By Team Mangalorean
Mangalore/Bangalore/Mumbai, Aug 29, 2008: Even as the country prepares to celebrate the Vinayaka Chathurti on September 3, there are serious concerns raised about the environmental issues specially the safety of the water bodies where the idols of Ganesha will be immersed after the festival.
The simple reason behind this concern is that the paints used in decorating the clay idols have certain percentage of heavy metals in them and it causes water pollution and could be deadly for the people who use the water and also to the organisms in the water.
According to the report of the Karnataka State Pollution Control Board, made available exclusively for Mangalorean.com, the paints used in the idol making includes heavy metals like arsenic, lead, mercury mainly and some other minor pollutants. These pollutants could be found in colours like Red (Arsenic), Yellow (lead), Silver (mercury) and Green(zinc) When combined or individually these become a potent poison.
The report further says in many parts of the country the idols are immersed in the sweet water sources. These sources become un-potable for considerable time, but people do use it without knowing the repercussions and get into health problems. Sustained use of the polluted water can cause life threatening disorders.
Ganesha idols displayed for sale
A scene of Haveri Police firing along with Ganesha idols displayed for sale on RV Road in Bangalore
Students of MES College with NCC Cadets take a rally on awareness on Eco Friendly-Ganesha idols at Malleswaram in Bangalore
Scientists at the Board point out that the sheer volume of Ganesha idols that are immersed in sweet water sources every year is astounding. It is estimated that a city like Bangalore sells about 18-20 lakh idols per annum of varied sizes and designs. As the size go up and the design become more complicated the use of paints also go up and consequently the pollutants that each idol carries with it also go up.
A dealer in Malleshwaram in Bangalore says he sells about 15,000 idols every year but he never knew the paints used had so much poison in them. There are about 1000 water bodies around the place from Sheshadripuram to the 18th cross of Malleshwaram including the Sankey Tank. There are atleast 10 other dealers in this area who sell not less than 30,000 idols together.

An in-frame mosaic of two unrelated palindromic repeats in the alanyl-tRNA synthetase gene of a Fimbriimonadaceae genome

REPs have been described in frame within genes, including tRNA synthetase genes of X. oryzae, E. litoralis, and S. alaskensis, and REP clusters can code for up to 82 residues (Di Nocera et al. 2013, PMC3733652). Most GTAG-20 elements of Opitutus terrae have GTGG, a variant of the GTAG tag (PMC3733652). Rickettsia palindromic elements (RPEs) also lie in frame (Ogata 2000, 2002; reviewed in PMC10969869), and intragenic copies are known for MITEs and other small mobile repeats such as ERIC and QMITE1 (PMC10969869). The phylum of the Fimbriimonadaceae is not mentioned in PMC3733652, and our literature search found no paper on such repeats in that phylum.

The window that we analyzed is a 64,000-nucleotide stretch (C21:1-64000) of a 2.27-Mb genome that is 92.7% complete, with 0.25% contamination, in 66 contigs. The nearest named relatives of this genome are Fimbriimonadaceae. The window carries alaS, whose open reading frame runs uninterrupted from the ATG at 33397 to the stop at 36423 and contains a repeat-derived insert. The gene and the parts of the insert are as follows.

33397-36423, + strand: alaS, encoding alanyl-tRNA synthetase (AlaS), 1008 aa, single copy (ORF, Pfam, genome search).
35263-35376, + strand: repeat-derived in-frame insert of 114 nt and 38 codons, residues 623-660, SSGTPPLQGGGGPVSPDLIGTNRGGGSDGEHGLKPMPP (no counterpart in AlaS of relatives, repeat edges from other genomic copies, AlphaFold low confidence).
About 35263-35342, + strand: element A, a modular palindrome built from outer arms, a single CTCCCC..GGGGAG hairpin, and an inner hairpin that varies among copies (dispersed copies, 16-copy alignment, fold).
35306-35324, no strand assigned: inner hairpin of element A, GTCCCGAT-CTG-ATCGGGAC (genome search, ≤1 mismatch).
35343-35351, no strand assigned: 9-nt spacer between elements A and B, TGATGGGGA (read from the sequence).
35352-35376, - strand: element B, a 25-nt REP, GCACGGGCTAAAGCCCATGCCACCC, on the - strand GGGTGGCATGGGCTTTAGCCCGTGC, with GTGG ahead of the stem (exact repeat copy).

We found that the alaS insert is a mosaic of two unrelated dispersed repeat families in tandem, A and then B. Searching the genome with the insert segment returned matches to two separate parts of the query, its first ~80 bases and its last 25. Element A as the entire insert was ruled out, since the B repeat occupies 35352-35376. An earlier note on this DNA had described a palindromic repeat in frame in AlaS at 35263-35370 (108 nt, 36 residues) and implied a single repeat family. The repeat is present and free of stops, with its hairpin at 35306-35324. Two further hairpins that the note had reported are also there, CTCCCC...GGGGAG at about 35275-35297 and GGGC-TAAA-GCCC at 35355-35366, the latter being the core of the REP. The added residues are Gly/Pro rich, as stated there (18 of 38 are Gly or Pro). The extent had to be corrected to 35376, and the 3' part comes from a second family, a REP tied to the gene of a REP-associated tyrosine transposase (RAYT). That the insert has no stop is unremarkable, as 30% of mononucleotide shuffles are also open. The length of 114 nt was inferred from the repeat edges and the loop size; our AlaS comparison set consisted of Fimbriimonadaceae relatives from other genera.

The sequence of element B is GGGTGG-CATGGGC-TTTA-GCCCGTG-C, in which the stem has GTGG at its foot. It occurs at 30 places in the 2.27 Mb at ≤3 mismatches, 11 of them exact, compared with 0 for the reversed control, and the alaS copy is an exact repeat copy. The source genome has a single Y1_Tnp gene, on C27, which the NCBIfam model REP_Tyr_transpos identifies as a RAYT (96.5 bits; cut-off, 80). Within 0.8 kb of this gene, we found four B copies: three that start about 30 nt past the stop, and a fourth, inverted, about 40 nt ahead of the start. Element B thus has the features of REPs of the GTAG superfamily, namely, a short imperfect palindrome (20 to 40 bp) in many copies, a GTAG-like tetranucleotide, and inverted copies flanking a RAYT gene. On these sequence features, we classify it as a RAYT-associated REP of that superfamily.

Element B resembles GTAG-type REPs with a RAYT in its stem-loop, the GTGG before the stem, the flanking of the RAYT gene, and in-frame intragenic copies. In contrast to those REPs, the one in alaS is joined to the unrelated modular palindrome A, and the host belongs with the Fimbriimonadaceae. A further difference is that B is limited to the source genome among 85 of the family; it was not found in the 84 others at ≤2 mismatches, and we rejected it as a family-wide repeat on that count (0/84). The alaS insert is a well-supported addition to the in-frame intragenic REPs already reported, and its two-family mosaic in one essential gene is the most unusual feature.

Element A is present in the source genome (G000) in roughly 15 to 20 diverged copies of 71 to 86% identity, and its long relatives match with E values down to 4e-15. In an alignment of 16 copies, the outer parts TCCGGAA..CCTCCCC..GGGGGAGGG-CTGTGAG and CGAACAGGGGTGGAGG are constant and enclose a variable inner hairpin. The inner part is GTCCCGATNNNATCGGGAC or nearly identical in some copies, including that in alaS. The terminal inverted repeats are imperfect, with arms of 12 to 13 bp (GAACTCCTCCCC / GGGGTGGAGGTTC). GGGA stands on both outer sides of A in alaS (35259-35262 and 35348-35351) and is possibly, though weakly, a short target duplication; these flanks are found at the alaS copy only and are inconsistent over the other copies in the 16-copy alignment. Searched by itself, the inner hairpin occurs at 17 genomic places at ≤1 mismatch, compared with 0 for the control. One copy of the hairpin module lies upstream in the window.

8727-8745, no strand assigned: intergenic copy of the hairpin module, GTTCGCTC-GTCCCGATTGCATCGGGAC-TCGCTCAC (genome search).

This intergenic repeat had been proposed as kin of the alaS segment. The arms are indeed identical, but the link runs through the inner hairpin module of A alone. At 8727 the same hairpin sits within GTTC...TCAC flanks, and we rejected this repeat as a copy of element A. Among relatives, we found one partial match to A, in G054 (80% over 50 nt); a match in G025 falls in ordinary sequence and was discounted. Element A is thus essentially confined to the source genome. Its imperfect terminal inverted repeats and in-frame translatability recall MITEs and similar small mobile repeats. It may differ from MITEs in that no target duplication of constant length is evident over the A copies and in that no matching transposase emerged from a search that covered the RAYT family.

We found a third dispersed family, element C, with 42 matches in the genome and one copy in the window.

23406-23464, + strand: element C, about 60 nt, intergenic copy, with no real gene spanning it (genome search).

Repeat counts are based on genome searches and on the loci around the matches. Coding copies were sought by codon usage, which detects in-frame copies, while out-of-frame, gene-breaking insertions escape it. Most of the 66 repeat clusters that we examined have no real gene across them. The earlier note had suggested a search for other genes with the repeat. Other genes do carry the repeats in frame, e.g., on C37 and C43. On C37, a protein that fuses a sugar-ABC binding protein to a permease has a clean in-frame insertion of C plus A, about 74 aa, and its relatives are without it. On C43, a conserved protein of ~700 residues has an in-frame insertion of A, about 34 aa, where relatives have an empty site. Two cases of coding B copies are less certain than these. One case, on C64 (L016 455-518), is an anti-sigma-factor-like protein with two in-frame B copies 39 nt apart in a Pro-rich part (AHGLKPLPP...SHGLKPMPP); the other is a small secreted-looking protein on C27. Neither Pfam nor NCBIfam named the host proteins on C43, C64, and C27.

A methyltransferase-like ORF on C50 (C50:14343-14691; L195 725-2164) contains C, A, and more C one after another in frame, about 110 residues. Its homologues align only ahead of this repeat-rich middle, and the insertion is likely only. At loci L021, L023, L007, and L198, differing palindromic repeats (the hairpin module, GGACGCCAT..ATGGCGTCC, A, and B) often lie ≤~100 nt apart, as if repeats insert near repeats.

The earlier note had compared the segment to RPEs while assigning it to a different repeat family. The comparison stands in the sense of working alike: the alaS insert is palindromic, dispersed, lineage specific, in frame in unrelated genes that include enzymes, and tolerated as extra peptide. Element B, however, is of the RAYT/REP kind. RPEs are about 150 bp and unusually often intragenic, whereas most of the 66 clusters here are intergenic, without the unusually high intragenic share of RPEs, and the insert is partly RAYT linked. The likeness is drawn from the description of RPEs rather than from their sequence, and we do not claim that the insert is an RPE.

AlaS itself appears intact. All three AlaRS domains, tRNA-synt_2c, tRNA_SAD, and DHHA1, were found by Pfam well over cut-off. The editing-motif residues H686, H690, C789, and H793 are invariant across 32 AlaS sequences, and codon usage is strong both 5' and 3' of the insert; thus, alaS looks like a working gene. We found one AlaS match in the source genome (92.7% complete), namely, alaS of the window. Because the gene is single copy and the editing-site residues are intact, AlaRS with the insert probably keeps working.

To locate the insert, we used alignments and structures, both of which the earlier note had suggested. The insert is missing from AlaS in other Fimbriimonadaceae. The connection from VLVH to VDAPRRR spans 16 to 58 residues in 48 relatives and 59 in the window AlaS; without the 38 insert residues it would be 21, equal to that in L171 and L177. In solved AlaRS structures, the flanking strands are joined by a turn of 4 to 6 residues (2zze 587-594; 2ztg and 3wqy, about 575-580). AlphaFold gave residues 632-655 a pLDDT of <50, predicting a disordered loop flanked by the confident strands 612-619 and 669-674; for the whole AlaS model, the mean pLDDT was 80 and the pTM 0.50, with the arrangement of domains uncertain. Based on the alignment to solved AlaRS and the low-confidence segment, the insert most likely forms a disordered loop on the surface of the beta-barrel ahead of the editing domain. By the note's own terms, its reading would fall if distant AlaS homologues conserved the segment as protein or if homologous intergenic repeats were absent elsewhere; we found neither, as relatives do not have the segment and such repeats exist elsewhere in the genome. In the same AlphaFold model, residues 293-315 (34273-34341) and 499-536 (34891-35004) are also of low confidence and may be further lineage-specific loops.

How much paint does each idol gets? When asked a producer in Car Street in Mangalore said “an idol of 12 inches length and 5 inches width consumes atleast 100 ml of different paints. This size was most popular among the devotees he added. "We have been catering to the needs of buyer-devotees from the USA and UK and Europe. We send the idols from here to Mangalore port from where the idols are shipped. The idols for foreign buyers may range from six inches to seven feet at the most. The tiny idols are sold for rupees 60 to 70. An agent buys them in bulk, nearly three months ahead of the
festival and ships them, he adds.
The Pollution Control Board has put out a notice requesting the people to use a bucketful of water to immerse their idols and dispose the water on land where it filters down. This way it would not pollute the water sources.
Our Mumbai Correspondent adds:
Mumbai presents a mammoth celebration of Vinayaka Chathurti. The city from Bori Bunder to Kanjur Marg nearly 75 lakh to 80 lakh idols are kept. Maharashtrians believe in sparing no effort to make the festival grand and meaningful. In towns like Ghatkopar, Mahim, Kurla, Dadar, Vikhroli, Mahalakshmi, Nerul(Navi Mumbai) and some places on harbour line and central railway the celebrations reach very grand scale.